Hexagonal close packing

In hexagonal close packing, layers of spheres are packed so that spheres in alternating layers overlie one another. As in cubic close packing, each sphere is surrounded by 12 other spheres. Taking a collection of 13 such spheres gives the cluster illustrated above. Connecting the centers of the external 12 spheres gives Johnson solid known as the triangular orthobicupola (Steinhaus 1999, pp. 203-205; Wells 1991, p. 237).Hexagonal close packing must give the same packing density as cubic close packing, since sliding one sheet of spheres cannot affect the volume they occupy. To verify this, construct a three-dimensional diagram containing a hexagonal unit cell with three layers (Steinhaus 1999, pp. 203-204). Both the top and the bottom contain six -spheres and one hemisphere. The total number of spheres in these two rows is therefore(1)The volume of spheres in the middle row cannot be simply computed using geometry. However,..

Ellipsoid packing

Bezdek and Kuperberg (1991) have constructed packings of identical ellipsoidsof densities arbitrarily close to(OEIS A093824), greater than the maximum density of (OEIS A093825) that is possible for sphere packing (Sloane 1998), as established by proof of the Kepler conjecture. Furthermore, J. Wills has modified the ellipsoid packing to yield an even higher density of (Bezdek and Kuperberg 1991).Donev et al. (2004) showed that a maximally random jammed state of M&Ms chocolate candies has a packing density of about 68%, or 4% greater than spheres. Furthermore, Donev et al. (2004) also showed by computer simulations other ellipsoid packings resulted in random packing densities approaching that of the densest sphere packings, i.e., filling nearly 74% of space.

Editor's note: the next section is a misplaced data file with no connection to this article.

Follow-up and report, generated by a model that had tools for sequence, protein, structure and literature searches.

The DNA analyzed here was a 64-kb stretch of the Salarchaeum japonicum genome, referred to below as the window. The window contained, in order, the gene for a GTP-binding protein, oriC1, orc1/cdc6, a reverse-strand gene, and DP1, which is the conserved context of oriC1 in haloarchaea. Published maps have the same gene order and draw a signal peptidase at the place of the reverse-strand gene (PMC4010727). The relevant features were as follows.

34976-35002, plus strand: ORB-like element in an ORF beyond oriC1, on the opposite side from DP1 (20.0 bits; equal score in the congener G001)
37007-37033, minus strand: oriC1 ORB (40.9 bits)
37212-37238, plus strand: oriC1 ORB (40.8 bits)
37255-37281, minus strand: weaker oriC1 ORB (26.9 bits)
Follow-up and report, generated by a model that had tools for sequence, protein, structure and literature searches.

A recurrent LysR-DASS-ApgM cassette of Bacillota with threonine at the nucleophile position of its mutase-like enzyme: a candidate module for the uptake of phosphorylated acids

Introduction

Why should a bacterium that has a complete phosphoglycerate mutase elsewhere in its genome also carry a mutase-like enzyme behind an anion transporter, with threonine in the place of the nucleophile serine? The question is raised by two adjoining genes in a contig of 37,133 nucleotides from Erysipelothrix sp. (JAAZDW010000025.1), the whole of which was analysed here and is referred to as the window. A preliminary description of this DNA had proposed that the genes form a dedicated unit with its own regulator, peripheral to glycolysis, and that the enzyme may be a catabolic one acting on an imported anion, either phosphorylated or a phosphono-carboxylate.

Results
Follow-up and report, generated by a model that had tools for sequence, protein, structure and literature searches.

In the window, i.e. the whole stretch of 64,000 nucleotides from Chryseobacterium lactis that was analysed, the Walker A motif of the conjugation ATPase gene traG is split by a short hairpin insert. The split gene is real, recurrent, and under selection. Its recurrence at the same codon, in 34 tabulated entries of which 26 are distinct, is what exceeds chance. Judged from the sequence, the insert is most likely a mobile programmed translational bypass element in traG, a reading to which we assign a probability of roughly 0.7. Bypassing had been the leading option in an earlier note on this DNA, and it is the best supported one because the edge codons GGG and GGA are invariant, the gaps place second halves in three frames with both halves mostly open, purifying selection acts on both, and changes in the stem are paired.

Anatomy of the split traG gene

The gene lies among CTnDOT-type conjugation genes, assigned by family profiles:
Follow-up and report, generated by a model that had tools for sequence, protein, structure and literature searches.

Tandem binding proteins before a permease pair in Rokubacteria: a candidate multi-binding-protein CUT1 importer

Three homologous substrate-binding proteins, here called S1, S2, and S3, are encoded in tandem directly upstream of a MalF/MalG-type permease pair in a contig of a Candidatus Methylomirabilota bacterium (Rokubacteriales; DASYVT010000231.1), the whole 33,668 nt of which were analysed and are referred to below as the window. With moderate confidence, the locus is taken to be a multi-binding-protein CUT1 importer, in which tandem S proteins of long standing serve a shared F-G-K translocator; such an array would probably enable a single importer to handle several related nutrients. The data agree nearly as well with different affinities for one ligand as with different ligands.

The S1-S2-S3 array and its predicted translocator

Sphere packing

Define the packing density of a packing of spheres to be the fraction of a volume filled by the spheres. In three dimensions, there are three periodic packings for identical spheres: cubic lattice, face-centered cubic lattice, and hexagonal lattice. It was hypothesized by Kepler in 1611 that close packing (cubic or hexagonal, which have equivalent packing densities) is the densest possible, and this assertion is known as the Kepler conjecture. The problem of finding the densest packing of spheres (not necessarily periodic) is therefore known as the Kepler problem, where(OEIS A093825; Steinhaus 1999, p. 202;Wells 1986, p. 29; Wells 1991, p. 237).In 1831, Gauss managed to prove that the face-centered cubic is the densest lattice packing in three dimensions (Conway and Sloane 1993, p. 9), but the general conjecture remained open for many decades.While the Kepler conjecture is intuitively obvious, the proof remained..

Cubic close packing

There are three types of cubic lattices corresponding to three types of cubic close packing, as summarized in the following table. Now that the Kepler conjecture has been established, hexagonal close packing and face-centered cubic close packing, both of which have packing density of , are known to be the densest possible packings of equal spheres.lattice typebasis vectorspacking densitysimple cubic (SC), , face-centered cubic (FCC), , body-centered cubic (BCC), , Simple cubic packing consists of placing spheres centered on integer coordinates in Cartesian space.Arranging layers of close-packed spheres such that the spheres of every third layer overlay one another gives face-centered cubic packing. To see where the name comes from, consider packing six spheres together in the shape of an equilateral triangle and place another sphere on top to create a triangular pyramid. Now create another such grouping of seven spheres and place..

Local density

Let each sphere in a sphere packing expand uniformly until it touches its neighbors on flat faces. Call the resulting polyhedron the local cell. Then the local density is given byWhen the local cell is a regular dodecahedron,then

Random close packing